Indian’s H-1B for data analyst’s job wrongfully denied: Court
A STEM (science, technology, engineering, maths) student from India, who was undergoing her optional practical training with LexisNexis, can continue to work for her employer who had sponsored her for an H-1B visa.
A US district court has recently held that her H-1B visa application for the position of a data analyst was wrongly denied. Last September, the US Citizenship and Immigration Services (USCIS), after seeking additional evidence and documentation, had rejected the H-1B application filed by Lexis Nexis on behalf of Subhasree Chatterjee. The contention of this government agency was that the sponsoring employer had not shown that the position is a ‘specialty occupation’.
The H-1B visa category applies to those who will perform services in a ‘specialty occupation’. The Trump administration in its spring agenda (covered by TOI in its edition of May 24) reiterated its plan to revise the definition of ‘specialty occupation’ so as to obtain the ‘best and brightest workers.’ While there has been no such revision in definition, USCIS has begun to take a closer at whether the position to be taken up by the H-1B beneficiary will be a ‘specialty occupation’. This has resulted in several lawsuits.
“For the last couple of cycles of the H-1B filings, we have seen this issue coming up and the trend is likely to continue. Further, it is now also an issue that comes up regularly, not just for initial H-1B applications, but also extensions and job transfer cases. This is most alarming, since these individuals have been working in those H-1B job positions for many years,” Snehal Batra, managing attorney at NPZ Law Group, told TOI.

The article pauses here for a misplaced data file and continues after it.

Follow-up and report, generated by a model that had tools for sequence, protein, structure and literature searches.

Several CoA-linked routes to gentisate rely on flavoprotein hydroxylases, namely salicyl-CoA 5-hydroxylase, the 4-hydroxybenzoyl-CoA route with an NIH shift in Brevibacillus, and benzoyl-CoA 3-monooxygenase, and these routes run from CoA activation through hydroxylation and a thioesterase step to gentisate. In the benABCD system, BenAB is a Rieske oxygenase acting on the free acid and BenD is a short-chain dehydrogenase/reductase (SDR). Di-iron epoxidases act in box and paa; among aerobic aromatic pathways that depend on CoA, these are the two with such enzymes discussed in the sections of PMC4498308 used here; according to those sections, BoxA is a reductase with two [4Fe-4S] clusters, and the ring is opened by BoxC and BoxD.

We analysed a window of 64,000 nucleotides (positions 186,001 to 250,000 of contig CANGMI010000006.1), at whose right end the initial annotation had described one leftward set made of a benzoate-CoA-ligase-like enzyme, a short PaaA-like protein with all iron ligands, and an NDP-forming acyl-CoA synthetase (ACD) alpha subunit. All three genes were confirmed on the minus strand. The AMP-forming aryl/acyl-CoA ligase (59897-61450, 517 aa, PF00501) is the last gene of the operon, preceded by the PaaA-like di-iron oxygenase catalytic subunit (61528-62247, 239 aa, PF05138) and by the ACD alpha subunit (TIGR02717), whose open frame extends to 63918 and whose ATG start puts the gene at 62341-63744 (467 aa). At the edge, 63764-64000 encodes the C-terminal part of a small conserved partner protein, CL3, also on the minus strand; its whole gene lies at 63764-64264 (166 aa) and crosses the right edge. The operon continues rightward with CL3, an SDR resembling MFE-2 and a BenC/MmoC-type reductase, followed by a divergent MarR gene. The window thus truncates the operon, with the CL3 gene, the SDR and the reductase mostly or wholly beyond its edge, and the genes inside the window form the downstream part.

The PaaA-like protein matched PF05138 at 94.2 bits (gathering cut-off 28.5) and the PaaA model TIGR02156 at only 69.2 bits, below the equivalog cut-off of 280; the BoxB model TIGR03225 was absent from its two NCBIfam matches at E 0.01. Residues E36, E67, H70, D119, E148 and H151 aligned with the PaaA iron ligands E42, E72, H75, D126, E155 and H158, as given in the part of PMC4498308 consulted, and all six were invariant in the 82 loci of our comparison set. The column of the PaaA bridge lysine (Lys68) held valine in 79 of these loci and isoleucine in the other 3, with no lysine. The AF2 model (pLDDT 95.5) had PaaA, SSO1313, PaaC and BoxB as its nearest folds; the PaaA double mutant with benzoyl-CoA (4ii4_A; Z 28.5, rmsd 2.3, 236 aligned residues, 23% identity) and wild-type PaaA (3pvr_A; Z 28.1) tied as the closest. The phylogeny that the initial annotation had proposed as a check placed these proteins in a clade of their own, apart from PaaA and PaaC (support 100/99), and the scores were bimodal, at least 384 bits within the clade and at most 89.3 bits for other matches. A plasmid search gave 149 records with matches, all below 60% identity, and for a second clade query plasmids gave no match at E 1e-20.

International students who have obtained their degrees in the US in the STEM field are eligible to work for up to three years, under the optional practical training program (OPT). Post OPT, if the individual wishes to continue to work in the US, he or she has to be sponsored for an H-1B visa, either by the existing employer or another company.
In the case dealt with by the US district court, Chatterjee held a Master of Science in Business Administration, with a focus on Business Analytics from the University of Cincinnati. She also held a Bachelor’s degree in computer science and engineering from Kolkata University and prior to obtaining her Master’s degree had worked for a few years in the field of data analytics.
Justice Emmet G. Sullivan observed that: “The LexisNexis position was a distinct occupation which required a specialised course of study, notwithstanding the fact that the study included several specialised fields.” As different types of degrees would allow a person to be employed as a data analyst, USCIS had held that a data analyst position would not be specialised.
Ashwin Sharma, Florida-based immigration attorney told TOI, “In a major victory for H-B stakeholders, the court gave life to the mantra chanted by immigration attorneys that there is no requirement in the statute that only one type of degree should be accepted for a position to be treated as specialised.”
Chatterjee had had the specialised skills to perform these duties and the requisite educational requirements, the judge observed. The decision by USCIS was not ‘based on a consideration of the relevant factors’ and was a ‘clear error of judgement’, the court held.